On Thursday, the Trump administration announced its plans to reduce refugee resettlement to an all-time low of 18,000 persons for 2020. This is a 40% reduction from the historically low cap for 2019, which permitted the admission of only 30,000 refugees. The new figure is a stunning rejection of a time-honored policy that for many years permitted the resettlement of at least 95,000 refugees annually.
There is also an accompanying executive order that would allow state and local jurisdictions to deny refugee resettlement in their communities, despite having been approved for resettlement in the United States.
The current refugee crisis has reached staggering levels. More than 70.8 million people have been forcibly displaced worldwide, and 37,000 people are forced to flee their homes every day due to conflict or persecution.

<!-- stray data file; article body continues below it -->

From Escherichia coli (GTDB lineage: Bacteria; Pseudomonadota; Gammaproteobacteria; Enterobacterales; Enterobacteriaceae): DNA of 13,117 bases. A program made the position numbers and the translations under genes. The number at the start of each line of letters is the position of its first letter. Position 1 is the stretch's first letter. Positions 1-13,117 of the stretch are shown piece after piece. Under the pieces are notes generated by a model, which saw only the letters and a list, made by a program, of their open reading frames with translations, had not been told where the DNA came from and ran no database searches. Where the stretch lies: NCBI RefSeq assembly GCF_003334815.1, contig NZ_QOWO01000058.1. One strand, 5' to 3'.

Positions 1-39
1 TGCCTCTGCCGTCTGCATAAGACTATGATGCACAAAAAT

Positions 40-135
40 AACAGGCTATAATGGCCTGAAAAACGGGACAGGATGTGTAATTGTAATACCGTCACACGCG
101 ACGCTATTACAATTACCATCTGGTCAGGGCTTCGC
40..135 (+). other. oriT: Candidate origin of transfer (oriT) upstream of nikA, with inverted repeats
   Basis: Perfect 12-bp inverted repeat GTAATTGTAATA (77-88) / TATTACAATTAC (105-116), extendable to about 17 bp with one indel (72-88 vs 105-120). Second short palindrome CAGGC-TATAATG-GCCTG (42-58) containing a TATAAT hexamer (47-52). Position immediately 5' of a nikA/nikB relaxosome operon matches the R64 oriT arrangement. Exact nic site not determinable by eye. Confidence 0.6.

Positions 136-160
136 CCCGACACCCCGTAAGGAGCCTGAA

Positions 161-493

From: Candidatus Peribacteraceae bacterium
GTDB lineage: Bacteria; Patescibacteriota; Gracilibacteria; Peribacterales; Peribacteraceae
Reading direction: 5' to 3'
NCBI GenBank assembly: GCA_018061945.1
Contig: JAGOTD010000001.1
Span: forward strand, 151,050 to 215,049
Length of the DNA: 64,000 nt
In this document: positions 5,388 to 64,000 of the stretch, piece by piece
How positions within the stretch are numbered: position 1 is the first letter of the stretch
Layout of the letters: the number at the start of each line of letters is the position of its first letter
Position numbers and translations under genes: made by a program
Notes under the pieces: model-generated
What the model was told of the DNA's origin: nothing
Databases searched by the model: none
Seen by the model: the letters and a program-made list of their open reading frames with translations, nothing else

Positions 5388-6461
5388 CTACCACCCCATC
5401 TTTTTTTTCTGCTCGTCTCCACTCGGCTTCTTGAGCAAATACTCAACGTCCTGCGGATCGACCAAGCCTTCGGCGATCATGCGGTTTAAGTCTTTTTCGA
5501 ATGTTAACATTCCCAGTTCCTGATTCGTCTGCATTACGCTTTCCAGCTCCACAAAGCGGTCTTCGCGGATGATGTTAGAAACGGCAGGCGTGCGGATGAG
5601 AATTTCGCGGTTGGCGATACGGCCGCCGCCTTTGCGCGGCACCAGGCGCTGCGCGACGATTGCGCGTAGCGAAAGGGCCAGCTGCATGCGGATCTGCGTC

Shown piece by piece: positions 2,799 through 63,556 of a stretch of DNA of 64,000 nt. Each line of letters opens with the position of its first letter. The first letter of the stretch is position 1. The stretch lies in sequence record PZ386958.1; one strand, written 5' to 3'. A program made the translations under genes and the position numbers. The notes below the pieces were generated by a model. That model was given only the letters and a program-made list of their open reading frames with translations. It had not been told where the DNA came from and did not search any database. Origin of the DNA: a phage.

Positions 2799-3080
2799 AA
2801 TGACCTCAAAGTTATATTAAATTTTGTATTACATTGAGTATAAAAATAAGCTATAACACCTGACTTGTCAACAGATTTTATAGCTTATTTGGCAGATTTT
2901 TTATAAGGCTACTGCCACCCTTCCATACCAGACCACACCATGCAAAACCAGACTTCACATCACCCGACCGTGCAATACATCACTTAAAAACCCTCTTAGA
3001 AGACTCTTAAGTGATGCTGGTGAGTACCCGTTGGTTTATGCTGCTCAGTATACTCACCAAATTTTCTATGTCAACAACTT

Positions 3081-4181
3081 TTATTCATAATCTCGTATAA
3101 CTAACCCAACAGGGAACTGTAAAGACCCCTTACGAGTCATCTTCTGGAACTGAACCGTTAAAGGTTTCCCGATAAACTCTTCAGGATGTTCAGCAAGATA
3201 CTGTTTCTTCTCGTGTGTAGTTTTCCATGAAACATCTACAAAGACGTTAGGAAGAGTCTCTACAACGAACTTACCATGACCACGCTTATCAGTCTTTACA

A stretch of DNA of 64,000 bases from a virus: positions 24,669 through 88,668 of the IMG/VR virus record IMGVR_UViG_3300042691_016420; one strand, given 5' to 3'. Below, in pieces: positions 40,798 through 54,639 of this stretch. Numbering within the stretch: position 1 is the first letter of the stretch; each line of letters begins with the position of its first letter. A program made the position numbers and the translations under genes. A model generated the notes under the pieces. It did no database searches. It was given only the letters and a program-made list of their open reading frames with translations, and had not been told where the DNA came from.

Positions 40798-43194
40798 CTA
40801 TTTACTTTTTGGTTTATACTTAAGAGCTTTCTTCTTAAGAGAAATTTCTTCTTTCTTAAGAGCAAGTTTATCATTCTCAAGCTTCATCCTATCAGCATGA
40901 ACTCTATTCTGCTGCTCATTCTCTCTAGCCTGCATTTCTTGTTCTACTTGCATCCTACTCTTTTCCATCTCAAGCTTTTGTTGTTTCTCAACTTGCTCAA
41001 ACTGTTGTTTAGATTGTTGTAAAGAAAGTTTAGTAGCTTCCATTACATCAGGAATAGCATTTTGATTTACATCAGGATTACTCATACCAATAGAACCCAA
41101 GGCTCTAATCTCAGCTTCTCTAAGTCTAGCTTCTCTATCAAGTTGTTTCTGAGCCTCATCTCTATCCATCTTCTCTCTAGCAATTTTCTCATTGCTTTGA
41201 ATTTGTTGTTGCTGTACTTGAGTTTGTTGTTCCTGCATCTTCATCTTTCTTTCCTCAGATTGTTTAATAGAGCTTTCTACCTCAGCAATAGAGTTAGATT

Syrians continue to be the largest forcibly displaced population in the world, with a total of 13 million people exiled by the end of 2018. This represents more than half of Syria’s pre-conflict population.
We cannot now simply throw up our hands in despair, and say that there is nothing that can be done about this callous and politically motivated decision. We must act to remind our members of Congress that this is a policy that jeopardizes our national security interests, by signaling to our allies that we will not shoulder our fair share of the refugee crisis. Moreover, studies show that refugees are an economic boon helping to build America, not undermining it.
Each of us, whether standing in front of a congregation or by the side of fellow members of a community, should make it clear that we will not remain silent about shunning refugees -- nor should they. Stand up for Syrian refugees and for those still in Syria. Ultimately, we will have our say at the voting booth.